Winter Months Increase SIDS Risk
Don't use too many blankets, doctors warn
WEDNESDAY, Dec. 31, 2003 (HealthDayNews) -- The cold winter months bring an increase in the number of infants who die from Sudden Infant Death Syndrome (SIDS), according to the National Institutes of Health.
During colder months, parents often place extra blankets or night clothes on infants, hoping to provide them with extra warmth. But the loving gesture could kill, doctors say.
"Parents and caregivers should be careful not to put too many layers of clothing or blankets on infants, as overheating increases the risk of SIDS," Dr. Duane Alexander, director of the National Institute of Child Health and Human Development, says in a prepared statement.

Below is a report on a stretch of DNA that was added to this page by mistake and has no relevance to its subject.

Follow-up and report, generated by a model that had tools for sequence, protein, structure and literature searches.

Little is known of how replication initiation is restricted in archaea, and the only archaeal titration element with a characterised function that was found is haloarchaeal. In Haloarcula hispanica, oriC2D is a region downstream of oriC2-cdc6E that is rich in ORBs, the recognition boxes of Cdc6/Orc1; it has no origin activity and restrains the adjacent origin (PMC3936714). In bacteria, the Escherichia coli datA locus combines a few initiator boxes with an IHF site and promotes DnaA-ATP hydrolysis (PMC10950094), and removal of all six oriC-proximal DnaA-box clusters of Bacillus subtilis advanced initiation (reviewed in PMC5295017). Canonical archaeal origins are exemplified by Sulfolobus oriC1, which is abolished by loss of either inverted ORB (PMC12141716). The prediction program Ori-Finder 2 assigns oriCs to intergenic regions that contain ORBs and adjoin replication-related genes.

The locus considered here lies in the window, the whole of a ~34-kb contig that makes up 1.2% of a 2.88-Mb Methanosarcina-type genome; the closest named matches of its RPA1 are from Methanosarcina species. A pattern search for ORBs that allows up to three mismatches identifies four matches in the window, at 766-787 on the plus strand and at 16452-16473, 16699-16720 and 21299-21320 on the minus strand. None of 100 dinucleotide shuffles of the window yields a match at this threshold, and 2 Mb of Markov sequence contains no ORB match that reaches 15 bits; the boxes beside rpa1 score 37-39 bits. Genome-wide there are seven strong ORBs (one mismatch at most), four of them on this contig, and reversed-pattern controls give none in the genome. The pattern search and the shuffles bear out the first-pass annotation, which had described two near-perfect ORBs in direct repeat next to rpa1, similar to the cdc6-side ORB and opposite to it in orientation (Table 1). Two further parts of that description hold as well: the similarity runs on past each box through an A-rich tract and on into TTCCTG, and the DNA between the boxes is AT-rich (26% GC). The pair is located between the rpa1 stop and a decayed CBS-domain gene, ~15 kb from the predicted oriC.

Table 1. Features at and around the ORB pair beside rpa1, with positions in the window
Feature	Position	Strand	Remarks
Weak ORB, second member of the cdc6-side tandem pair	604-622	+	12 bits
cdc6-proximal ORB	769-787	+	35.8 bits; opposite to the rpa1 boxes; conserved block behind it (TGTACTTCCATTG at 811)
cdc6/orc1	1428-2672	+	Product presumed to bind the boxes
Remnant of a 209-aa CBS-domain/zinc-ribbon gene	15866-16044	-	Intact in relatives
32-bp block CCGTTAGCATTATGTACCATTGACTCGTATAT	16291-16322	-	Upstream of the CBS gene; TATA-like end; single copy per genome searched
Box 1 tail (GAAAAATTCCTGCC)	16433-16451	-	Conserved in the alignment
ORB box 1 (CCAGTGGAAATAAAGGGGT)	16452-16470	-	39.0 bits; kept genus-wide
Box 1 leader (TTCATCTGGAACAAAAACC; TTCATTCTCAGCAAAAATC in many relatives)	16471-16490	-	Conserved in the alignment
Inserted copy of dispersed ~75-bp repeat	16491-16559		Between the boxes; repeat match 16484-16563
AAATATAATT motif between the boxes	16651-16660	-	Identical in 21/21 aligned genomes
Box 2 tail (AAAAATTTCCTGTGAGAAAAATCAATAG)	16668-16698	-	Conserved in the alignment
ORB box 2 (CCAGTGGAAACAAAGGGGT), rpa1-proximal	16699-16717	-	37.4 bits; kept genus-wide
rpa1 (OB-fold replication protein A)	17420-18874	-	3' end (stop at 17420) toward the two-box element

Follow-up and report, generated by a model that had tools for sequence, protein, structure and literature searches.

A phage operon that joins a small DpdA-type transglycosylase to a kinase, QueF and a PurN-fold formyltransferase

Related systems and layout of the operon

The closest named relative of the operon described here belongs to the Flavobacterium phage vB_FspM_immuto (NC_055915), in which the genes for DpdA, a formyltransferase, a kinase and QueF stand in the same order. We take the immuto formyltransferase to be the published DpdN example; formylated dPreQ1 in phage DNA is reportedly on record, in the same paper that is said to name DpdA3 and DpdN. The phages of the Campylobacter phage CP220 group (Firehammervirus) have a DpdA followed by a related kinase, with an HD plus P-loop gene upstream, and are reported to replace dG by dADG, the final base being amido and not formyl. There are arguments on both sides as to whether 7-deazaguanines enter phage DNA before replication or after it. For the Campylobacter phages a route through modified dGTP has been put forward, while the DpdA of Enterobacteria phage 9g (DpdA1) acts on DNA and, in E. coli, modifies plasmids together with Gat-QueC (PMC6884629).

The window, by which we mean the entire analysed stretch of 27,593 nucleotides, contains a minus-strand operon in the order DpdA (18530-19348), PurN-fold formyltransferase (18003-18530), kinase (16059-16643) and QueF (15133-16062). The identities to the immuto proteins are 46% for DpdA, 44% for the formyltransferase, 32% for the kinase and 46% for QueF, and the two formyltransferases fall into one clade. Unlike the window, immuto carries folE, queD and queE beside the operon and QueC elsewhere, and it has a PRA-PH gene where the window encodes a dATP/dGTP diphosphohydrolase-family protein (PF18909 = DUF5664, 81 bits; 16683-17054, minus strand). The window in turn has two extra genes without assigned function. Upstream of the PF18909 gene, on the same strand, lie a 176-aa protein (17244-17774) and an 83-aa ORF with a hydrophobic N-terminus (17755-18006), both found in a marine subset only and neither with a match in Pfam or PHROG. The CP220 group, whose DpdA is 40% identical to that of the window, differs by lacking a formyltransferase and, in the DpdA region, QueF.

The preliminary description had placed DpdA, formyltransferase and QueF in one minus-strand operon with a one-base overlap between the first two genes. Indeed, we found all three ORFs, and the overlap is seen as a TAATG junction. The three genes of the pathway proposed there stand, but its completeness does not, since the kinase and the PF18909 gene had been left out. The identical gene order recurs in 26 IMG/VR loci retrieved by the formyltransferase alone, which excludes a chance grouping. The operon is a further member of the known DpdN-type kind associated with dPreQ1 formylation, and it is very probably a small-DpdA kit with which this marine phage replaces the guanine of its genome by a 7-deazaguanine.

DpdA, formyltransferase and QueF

The institute recommends that infants should be placed on their backs to sleep, on a firm mattress with no blankets or fluffy bedding under or over them. If a blanket is used, it should be placed no higher than a baby's chest and be tucked in under the crib mattress.
The baby's crib or sleep area should be free of pillows and stuffed toys, and the temperature in the baby's room should be kept at a level that feels comfortable for an adult.
Since the institute issued these recommendations, SIDS deaths in the United States have declined by more than 50 percent. SIDS -- the sudden, unexplained death of an infant in the first year of life -- still claims the lives of roughly 2,500 infants each year, and the causes of the syndrome are still unclear.
Here's where you can learn more about SIDS.